In a profession where servers must be approachable, friendly, and accommodating, female tipped workers are often subjected to unwelcome advances, inappropriate comments, and offensive behavior from customers. For many tipped workers, the restaurant industry and other service-oriented sectors appear to be a double-edged sword. The prospect of earning gratuities can offer a financial incentive, but lurking beneath the surface lies a grim reality: the rampant prevalence of sexual harassment. Tipped workers, particularly those in restaurants, bars, and hospitality establishments, heavily rely on customer gratuities as a significant portion of their income. While tipping is intended to incentivize excellent service, it can also perpetuate a power dynamic that results in the sexual harassment of these service workers. This unique pay structure can be financially rewarding but it places tipped employees in a vulnerable position in which their livelihood is largely dependent on the goodwill of patrons.
Studies have shown that tipped employees, especially women, endure higher rates of sexual harassment compared to their non-tipped counterparts. According to a 2018 study by the Restaurant Opportunities Centers United (ROC United), a staggering 90% of female restaurant workers reported experiencing sexual harassment in the workplace. Women are more likely to be required to wear revealing uniforms when their employers depend on the customers to pay their employees’ wages. Customer-based sexual harassment of tipped employees in restaurants, bars, and other hospitality establishments might include unwelcome comments, jokes, or innuendos of a sexual nature, inappropriate touching or lewd gestures, or unwanted sexual advances.
The prevalence of sexual harassment faced by tipped workers extends beyond customer interactions; this sexually harassing conduct also encompasses coworkers and managers as well. With respect to this workplace sexual harassment, there are two types. One type is called, “quid pro quo sexual harassment” This occurs when a person in authority, such as a supervisor or manager, demands sexual favors from an employee in exchange for job-related benefits or promotions. At the heart of quid pro quo sexual harassment lies a power dynamic that perpetuates vulnerability. The harasser abuses his authority to manipulate the subordinate employee into acquiesce. With this, the harasser explicitly or implicitly requires a subordinate employee to accept sexual harassment as a term and condition of employment. The other type is “hostile work environment sexual harassment.” Hostile work environment sexual harassment occurs when an employee is subjected to unwelcome sexual advances, comments, or conduct that creates an intimidating, offensive, or hostile atmosphere at work. This form of harassment is not limited to physical contact and can include verbal or written remarks, sexually explicit jokes, offensive images, and other demeaning behaviors. The harassment does not necessarily have to be directed at the employee; it can also arise from witnessing or being aware of the harassment of others.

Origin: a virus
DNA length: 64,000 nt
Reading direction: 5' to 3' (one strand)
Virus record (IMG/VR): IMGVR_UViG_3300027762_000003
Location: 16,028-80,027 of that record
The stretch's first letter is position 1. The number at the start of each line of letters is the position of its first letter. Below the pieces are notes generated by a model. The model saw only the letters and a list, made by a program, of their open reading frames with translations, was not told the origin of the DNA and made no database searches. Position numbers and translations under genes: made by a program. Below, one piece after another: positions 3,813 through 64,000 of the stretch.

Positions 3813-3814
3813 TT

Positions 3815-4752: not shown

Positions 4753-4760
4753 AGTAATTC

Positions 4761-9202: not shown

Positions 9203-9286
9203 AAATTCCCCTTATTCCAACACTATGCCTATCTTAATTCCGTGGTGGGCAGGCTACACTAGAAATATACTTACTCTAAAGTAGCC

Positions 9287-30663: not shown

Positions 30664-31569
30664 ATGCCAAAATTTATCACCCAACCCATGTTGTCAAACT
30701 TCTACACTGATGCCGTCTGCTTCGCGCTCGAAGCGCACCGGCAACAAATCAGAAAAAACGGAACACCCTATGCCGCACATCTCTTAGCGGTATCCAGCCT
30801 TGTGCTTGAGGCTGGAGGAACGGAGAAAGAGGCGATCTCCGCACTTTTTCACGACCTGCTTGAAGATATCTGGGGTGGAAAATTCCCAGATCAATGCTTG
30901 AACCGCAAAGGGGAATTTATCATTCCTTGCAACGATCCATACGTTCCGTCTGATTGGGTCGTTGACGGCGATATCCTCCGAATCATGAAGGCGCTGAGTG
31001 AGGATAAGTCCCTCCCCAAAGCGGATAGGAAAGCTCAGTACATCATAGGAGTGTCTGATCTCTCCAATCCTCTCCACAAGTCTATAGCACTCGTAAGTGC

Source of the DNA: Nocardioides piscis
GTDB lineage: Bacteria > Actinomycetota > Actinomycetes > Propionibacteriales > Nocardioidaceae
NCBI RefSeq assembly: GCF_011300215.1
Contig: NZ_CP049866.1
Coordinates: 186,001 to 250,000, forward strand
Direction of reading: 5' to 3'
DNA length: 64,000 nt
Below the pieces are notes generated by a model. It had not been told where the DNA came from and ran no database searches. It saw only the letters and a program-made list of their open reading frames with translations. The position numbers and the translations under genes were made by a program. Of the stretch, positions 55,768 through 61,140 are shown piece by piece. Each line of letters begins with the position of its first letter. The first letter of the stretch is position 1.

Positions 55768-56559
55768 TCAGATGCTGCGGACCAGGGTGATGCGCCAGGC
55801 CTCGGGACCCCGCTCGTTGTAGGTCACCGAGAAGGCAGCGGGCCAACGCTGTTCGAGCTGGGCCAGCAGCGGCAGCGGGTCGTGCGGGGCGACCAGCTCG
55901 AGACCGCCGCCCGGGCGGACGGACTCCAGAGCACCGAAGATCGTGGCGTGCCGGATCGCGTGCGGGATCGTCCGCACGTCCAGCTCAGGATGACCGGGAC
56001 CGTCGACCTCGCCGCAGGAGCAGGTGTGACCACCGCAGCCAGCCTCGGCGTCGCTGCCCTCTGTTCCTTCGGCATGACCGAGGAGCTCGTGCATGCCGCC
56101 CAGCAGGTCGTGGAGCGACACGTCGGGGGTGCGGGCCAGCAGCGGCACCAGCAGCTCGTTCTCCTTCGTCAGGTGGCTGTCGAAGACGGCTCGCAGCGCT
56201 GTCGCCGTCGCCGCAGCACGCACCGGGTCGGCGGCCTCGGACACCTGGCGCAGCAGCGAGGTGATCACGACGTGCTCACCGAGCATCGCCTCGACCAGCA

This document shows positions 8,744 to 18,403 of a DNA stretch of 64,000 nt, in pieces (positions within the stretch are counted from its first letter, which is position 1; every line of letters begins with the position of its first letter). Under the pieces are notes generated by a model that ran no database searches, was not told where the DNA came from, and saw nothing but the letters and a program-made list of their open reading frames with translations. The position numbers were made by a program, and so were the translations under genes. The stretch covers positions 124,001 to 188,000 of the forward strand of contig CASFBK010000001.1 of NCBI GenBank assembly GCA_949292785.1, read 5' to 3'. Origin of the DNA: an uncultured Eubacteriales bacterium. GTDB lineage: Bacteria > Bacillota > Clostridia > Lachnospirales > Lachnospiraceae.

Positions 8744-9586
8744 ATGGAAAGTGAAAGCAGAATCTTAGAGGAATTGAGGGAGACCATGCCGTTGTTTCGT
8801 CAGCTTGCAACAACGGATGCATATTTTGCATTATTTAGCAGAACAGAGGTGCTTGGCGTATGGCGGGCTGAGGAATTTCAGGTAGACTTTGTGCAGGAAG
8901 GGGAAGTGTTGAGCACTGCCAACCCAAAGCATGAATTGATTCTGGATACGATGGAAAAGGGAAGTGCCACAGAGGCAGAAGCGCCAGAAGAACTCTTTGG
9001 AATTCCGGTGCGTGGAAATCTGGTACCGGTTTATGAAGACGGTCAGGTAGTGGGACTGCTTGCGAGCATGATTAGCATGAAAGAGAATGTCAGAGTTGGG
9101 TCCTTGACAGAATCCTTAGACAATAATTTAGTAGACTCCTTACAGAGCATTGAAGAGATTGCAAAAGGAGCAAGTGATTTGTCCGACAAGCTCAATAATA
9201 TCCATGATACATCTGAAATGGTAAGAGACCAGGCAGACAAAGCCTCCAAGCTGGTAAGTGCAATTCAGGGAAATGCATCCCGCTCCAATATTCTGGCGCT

Many sexual harassment cases among tipped female restaurant workers go unreported. Women who have previously worked in the restaurant industry are 1.6 times more likely to tolerate harassing behaviors in the workplace than women currently employed as tipped workers, indicating that women who encounter sexual harassment in the restaurant industry are more likely to tolerate sexual harassment in other environments. The tipped worker system poses a unique challenge, as these workers' income heavily relies on tips, making them dependent on customers' discretion and less likely to confront harassment. Morgan Rooks PC is on your side. Do not sit back and take it. You do not have to tolerate objectification in the workplace, whether it be from a customer, co-worker, or manager. Contact us today to learn about your right to work in an environment that is free of sexual harassment.